Examining the Use of Systemic Approach for Adoption of Systems Thinking in Organizations
Received: 8 April 2017 / Revised: 21 June 2017 / Accepted: 22 June 2017 / Published: 28 June 2017
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The need for systems thinking (ST) in organizations is being increasingly felt, and sustained effort towards nurturing ST in organizations is still rare. Some companies that tried it earlier were not so successful. One of the reasons for this problem is that the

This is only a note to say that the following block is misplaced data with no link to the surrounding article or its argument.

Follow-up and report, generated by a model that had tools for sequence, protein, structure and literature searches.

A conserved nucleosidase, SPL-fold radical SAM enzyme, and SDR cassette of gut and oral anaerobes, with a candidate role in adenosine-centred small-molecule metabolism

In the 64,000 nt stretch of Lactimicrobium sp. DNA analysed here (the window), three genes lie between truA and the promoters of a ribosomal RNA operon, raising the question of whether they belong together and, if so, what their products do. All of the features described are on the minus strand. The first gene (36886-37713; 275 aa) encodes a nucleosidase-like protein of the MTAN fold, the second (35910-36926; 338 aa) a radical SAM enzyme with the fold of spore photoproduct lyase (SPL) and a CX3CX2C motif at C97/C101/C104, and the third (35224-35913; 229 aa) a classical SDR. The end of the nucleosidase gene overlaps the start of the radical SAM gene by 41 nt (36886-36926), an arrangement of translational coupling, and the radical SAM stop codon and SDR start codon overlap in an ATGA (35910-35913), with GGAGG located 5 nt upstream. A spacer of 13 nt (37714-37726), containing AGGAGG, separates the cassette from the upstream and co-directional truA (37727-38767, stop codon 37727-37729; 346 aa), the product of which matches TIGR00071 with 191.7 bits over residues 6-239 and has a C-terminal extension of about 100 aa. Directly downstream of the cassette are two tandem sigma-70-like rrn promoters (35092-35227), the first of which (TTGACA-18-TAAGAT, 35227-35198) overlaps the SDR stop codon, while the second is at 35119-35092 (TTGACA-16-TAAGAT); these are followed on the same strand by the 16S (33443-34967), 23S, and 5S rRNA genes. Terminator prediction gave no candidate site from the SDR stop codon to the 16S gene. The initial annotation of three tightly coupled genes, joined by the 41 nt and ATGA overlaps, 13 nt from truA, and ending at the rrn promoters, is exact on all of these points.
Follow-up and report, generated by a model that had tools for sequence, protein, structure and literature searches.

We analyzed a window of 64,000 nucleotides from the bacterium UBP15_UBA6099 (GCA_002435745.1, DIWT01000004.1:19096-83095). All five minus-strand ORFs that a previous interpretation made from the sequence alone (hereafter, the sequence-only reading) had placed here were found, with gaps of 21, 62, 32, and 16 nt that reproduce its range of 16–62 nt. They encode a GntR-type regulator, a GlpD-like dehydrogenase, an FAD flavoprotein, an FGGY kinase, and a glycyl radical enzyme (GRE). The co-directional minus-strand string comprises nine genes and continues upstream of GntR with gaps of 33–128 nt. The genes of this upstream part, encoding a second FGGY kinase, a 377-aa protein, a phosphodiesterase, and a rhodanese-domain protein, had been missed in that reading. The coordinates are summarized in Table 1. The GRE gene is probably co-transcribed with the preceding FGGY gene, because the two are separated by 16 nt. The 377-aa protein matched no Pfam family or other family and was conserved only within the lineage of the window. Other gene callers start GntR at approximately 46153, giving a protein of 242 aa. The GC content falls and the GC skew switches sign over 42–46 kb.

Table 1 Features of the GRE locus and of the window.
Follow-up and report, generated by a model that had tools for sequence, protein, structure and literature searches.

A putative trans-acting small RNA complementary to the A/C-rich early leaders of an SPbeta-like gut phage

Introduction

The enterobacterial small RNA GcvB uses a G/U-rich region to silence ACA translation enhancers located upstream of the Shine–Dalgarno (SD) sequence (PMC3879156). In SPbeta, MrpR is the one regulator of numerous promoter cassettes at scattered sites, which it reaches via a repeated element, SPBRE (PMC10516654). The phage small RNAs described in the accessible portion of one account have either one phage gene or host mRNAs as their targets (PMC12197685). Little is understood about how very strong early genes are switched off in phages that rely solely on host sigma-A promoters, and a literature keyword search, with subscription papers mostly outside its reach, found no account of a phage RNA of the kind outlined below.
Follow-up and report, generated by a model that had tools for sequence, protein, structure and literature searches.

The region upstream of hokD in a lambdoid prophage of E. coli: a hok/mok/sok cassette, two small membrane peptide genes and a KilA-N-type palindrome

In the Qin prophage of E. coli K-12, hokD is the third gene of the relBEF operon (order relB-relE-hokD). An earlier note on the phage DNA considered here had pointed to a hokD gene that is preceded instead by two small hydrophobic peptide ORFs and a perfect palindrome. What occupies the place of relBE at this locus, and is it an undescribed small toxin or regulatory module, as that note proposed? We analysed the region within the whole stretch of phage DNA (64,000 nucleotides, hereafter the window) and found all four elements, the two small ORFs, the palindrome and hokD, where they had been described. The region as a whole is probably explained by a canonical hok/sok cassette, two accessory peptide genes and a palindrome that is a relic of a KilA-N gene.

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The need for systems thinking (ST) in organizations is being increasingly felt, and sustained effort towards nurturing ST in organizations is still rare. Some companies that tried it earlier were not so successful. One of the reasons for this problem is that the implementation is done more with a reductionist mindset rather than a systemic mindset. It is no doubt challenging for managers so accustomed to reductionist thinking to cultivate the habits of systems thinking. This paper examines the use of a systemic approach for the successful adoption of systems thinking in organizations. The systemic approach needs a good system model for the systematic guidance of the implementation. The systemic model used in this study is a spirit, mind, and body model (SMB)—a holistic model taken from the spiritual lore which emphasizes the need for the alignment of spirit, mind, and body in order to achieve human excellence. We extended this model for use in an organizational context, and defined the systems of the spirit, systems of the mind, and systems of the body for an organization. Systems of the spirit are related to the leadership system, systems of the mind to the learning and change management systems, and systems of the body to the supporting systems such as tools and technology. We used such a model earlier to explain the suboptimal results in the implementation of capability maturity models (CMM) in software companies in India. In this paper, we used this model to explain the rather unsatisfactory results in the implementation of ST in companies like Ford and the satisfactory results in the implementation of “work out” at GE. “Work out” is a five-step process in which ST is a prominent step. We argued whether “work out” can be a good warm-up step that can prepare the organization for successful ST implementation. The study shows that the SMB framework is helpful in conducting an intelligent discourse about the implementation of ST-like initiatives in companies and has excellent potential for use as a guide for ST implementation in organizations.